Instead of notes of congratulations on graduation, children and parents at a Bronx school laid out candles and flowers Thursday morning for a student fatally stabbed outside of school as his alleged killer, also a young teen, was charged in his murder.
It was supposed to be a joyous graduation day at the Joseph Wade Middle School, but the family of 14-year-old Timothy Crump was making funeral arrangements as classmate Noel Estevez stood before a judge to face murder and manslaughter charges.
"To hear he was gonna graduate, your heart breaks," said Rose Vargas, a parent at the school. "It's unbelievable."
Estevez, 14, was charged as an adult with second-degree murder and manslaughter. His lawyer told reporters that Estevez was also a victim and had been bullied for months by Crump.
"There was a history of bullying by the deceased and friends of his," said defense attorney Eric Poulos. "My client and his mother sought various ways, through the school system, through the police department, to stop this. No one would help."
Police say Crump was stabbed multiple times outside of the Morris Heights school shortly after dismissal around 3 p.m. He was taken to Bronx Lebanon Hospital in critical condition and later died, police said. A knife was recovered at the scene, and Estevez was taken into police custody.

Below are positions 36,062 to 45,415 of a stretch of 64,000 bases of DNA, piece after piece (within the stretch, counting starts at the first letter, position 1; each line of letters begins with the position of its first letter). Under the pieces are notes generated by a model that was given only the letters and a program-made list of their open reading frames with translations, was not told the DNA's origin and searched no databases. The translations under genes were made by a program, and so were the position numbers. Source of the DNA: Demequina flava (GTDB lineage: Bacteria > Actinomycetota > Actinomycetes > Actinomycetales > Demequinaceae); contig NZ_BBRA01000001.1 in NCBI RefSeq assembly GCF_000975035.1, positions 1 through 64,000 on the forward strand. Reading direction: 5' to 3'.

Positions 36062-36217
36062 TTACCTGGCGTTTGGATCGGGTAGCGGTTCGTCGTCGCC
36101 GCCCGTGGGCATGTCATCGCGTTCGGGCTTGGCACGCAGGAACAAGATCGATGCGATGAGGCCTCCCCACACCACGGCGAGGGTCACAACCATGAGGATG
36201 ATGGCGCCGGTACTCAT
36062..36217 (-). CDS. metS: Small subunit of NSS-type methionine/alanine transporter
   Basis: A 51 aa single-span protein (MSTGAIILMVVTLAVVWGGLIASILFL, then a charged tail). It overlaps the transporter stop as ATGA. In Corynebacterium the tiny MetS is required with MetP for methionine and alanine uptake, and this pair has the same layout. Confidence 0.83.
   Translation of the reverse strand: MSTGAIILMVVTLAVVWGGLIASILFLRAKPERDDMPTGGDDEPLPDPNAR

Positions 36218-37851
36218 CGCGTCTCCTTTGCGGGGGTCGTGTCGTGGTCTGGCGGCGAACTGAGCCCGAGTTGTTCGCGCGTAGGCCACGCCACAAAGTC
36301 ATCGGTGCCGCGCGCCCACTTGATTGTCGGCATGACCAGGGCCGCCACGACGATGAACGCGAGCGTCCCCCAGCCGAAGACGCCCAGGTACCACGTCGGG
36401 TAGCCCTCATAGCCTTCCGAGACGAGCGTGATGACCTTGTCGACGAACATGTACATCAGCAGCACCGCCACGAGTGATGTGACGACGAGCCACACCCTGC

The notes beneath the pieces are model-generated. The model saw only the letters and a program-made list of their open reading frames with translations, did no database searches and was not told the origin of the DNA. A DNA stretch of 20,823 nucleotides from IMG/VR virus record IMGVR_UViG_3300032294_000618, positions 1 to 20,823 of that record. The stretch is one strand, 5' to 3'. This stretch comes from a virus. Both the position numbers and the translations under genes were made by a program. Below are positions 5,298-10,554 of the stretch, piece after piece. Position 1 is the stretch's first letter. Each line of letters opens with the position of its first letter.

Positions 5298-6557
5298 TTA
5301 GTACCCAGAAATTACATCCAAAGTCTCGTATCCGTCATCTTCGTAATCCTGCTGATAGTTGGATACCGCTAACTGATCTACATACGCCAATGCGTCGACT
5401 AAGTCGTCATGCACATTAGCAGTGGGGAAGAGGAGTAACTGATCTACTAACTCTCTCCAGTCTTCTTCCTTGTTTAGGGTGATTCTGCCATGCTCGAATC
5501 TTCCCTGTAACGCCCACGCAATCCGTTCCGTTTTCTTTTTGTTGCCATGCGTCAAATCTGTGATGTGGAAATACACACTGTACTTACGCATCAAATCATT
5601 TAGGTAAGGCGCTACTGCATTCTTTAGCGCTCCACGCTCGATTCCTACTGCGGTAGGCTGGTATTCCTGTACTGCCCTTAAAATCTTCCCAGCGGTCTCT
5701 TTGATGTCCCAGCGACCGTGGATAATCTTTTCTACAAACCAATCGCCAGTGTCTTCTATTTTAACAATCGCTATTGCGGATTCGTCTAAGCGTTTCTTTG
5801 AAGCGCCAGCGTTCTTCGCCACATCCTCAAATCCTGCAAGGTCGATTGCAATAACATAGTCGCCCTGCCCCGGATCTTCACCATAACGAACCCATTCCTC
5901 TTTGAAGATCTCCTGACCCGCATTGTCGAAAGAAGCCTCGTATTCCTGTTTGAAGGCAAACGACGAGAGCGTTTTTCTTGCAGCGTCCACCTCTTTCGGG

Law enforcement sources say Estevez had mental health problems and he told police that he felt bullied and threatened by Crump, who was allegedly part of a group of kids who routinely harassed him. The teens would go to Estevez's apartment to urinate on his front door and threatened to kill him and his family, his attorney said.
Students who witnessed the stabbing say it appears to have stemmed from a fistfight that began outside the school.
"The boy came out of the school, pulled out a knife and just started stabbing," said one student. "The [victim] tried to run but by the time he got there, he was bleeding. He tried to run back, and that's when he fell to the floor."
Crump was bleeding profusely when he collapsed, and a security guard rushed over to aid him, according to the student.
Estevez's lawyer said it was his first time back to class in months after trying to transfer schools and avoid his alleged tormentors.
"They were after him for three months," said Poulos. "They couldn't find him because he stayed behind closed doors. He came out of closed doors and they sicced on him."
One teacher told NBC 4 New York Estevez is a good person.
"He is a good kid as far as I'm concerned," the teacher said. "I'm trying to find out what really happened."